This Women’s History Month, let’s also remember the women jailed, sterilized, and killed by the state.
March is Women’s History Month, and many of the discussions we’re seeing center on issues like women’s suffrage and maternity leave. Those are good things to know about, but they tend to lead us into a narrow celebration of a few legislative and policy victories: examples of places where the government “helped” secure women’s rights in a variety of ways.
There’s also a long and storied history of government involvement in women’s lives, choices, and bodies that demonstrates the danger of government power.
So in honor of Women’s History Month, I want to highlight three stories of women you probably have never heard of — victims of government.
Hanna Porn: jailed for saving the lives of women and babies
The first case is that of a Massachusetts midwife in the early 1900s named Hanna Porn. Hanna’s clients were largely immigrant and working class women, a group of women who at the time had trouble accessing high-quality health care (as they do today). Babies delivered by Hanna had death rates four times lower than those delivered by physicians in the area.
Nonetheless, Hanna was prosecuted and fined multiple times. She refused to give up her practice and was finally jailed for three months.
The reason for the Massachusetts law against midwifery? The rapidly expanding medical profession needed “clinical material” (i.e. women’s bodies) to practice on in teaching hospitals. Eradicating midwifery was the only way doctors would have access to enough pregnant women. The doctors with significantly higher rates of neonatal death than Hanna’s testified against her at trial.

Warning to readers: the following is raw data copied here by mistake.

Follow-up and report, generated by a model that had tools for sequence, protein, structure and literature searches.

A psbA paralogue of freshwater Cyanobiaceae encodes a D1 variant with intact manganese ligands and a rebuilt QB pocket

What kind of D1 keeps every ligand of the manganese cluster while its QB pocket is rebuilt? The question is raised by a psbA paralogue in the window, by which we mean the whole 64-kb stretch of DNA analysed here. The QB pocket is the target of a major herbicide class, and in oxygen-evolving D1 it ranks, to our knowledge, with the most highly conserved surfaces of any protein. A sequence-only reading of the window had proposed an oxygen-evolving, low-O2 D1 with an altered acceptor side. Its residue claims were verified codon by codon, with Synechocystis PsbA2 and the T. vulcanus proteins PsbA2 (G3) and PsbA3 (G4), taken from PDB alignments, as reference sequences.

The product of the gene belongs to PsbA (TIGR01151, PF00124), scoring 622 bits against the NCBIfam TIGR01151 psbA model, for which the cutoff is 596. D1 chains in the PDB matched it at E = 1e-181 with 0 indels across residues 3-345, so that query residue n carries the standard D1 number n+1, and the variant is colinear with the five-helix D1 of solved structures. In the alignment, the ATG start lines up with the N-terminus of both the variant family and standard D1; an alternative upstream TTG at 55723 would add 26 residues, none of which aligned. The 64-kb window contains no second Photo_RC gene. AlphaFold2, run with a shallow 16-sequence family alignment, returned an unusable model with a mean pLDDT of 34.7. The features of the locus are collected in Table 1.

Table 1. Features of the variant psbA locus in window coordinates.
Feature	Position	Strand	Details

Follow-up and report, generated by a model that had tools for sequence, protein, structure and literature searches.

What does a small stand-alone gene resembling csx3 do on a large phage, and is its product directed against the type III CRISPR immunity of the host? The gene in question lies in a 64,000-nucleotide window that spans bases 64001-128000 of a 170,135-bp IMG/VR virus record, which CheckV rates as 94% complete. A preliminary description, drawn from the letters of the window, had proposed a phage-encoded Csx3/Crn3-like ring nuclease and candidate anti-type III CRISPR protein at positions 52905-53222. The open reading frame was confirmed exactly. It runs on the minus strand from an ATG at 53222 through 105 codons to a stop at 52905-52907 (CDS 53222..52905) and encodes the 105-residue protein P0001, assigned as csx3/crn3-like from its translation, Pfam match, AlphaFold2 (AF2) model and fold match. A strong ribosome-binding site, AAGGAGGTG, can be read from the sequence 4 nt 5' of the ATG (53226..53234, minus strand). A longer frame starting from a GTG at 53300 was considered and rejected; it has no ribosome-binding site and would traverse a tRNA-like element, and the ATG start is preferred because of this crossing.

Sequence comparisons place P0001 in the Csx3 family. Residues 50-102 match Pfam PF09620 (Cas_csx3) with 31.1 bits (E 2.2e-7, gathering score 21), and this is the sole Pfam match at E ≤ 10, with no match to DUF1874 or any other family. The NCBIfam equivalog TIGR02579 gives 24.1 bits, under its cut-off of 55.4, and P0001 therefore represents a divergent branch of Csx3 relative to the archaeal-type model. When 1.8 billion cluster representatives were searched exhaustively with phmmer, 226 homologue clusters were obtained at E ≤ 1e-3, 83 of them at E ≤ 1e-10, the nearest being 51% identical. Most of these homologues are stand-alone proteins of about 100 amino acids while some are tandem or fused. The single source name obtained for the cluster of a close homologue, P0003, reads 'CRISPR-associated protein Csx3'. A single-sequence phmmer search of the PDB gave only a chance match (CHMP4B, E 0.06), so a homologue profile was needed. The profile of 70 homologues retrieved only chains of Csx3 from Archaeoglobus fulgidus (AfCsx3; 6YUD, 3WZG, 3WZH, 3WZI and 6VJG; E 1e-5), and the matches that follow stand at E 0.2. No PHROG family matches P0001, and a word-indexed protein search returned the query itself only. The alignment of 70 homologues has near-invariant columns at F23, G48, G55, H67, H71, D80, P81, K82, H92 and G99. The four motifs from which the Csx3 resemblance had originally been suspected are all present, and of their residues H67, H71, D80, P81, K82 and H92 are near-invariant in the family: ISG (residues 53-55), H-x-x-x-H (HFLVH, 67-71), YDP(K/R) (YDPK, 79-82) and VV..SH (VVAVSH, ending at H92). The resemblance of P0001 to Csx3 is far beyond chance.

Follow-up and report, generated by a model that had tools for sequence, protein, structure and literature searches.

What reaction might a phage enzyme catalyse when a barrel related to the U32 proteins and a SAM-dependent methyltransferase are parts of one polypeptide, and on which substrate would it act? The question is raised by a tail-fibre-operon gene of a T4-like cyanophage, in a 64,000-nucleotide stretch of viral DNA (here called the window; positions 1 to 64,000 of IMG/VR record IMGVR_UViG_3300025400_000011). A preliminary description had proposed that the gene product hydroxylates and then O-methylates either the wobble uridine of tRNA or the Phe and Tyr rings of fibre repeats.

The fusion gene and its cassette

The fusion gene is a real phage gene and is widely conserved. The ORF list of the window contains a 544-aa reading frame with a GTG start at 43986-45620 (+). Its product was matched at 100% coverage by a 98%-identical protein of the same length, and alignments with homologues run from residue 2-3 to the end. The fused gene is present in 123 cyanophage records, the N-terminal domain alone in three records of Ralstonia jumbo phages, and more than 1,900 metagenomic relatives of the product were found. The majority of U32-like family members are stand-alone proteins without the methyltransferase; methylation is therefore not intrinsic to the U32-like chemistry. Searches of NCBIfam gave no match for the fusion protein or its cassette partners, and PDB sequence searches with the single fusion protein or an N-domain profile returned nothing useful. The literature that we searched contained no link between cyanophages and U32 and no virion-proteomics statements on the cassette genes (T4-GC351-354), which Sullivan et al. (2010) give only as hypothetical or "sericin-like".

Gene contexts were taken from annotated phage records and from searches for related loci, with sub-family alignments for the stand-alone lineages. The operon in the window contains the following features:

As a 48-year old widow, Hanna’s midwifery practice not only saved lives, but also provided her with one of the few legitimate means of support available to a single woman at this time, other than factory work.
When she was released she continued her resistance to the Massachusetts law and practiced midwifery illegally until her death four years later, saving the lives of mothers and babies in the process.
Eugene Declercq, the scholar who described her case, poignantly describes her last days: “Despite more than a decade of harassment, 10 separate trials (9 of which she lost), and 3 months in jail, Hanna Porn died doing what she fought so resolutely to have the right to do — to serve her own people as a midwife.”
Willie and Nellie Mallory: sterilized for the (probably false) charge of prostitution
Fast forward 20 years and we see, rather than the debate over whether to allow women to choose their own care providers, the debate over whether to allow women to choose whether to reproduce at all.
The case of Willie Mallory, a mother of nine, is instructive. Willie was institutionalized (i.e. kidnapped by the state) on charges of prostitution (almost certainly false) at the State Colony for Epileptics and Feeble-Minded in Lynchburg, Virginia. Her eldest daughter Nellie was institutionalized alongside her, being punished for her mother’s putative crimes.
Willie’s husband George Mallory, denied access to and any communication with his wife and daughter, sued in Richmond court for the return of his wife and daughter and for damages. The husband’s letters to the head of the institution during this period demonstrate his devastation at being unable to hear from or contact his wife and child.
Despite his best efforts, Willie and Nellie were both sterilized against their will during their institutionalization, in order to protect the rest of society from their “defective” genes. While they were eventually returned to their home after their sterilization, the court refused to award damages for either their false imprisonment or their forced sterilization.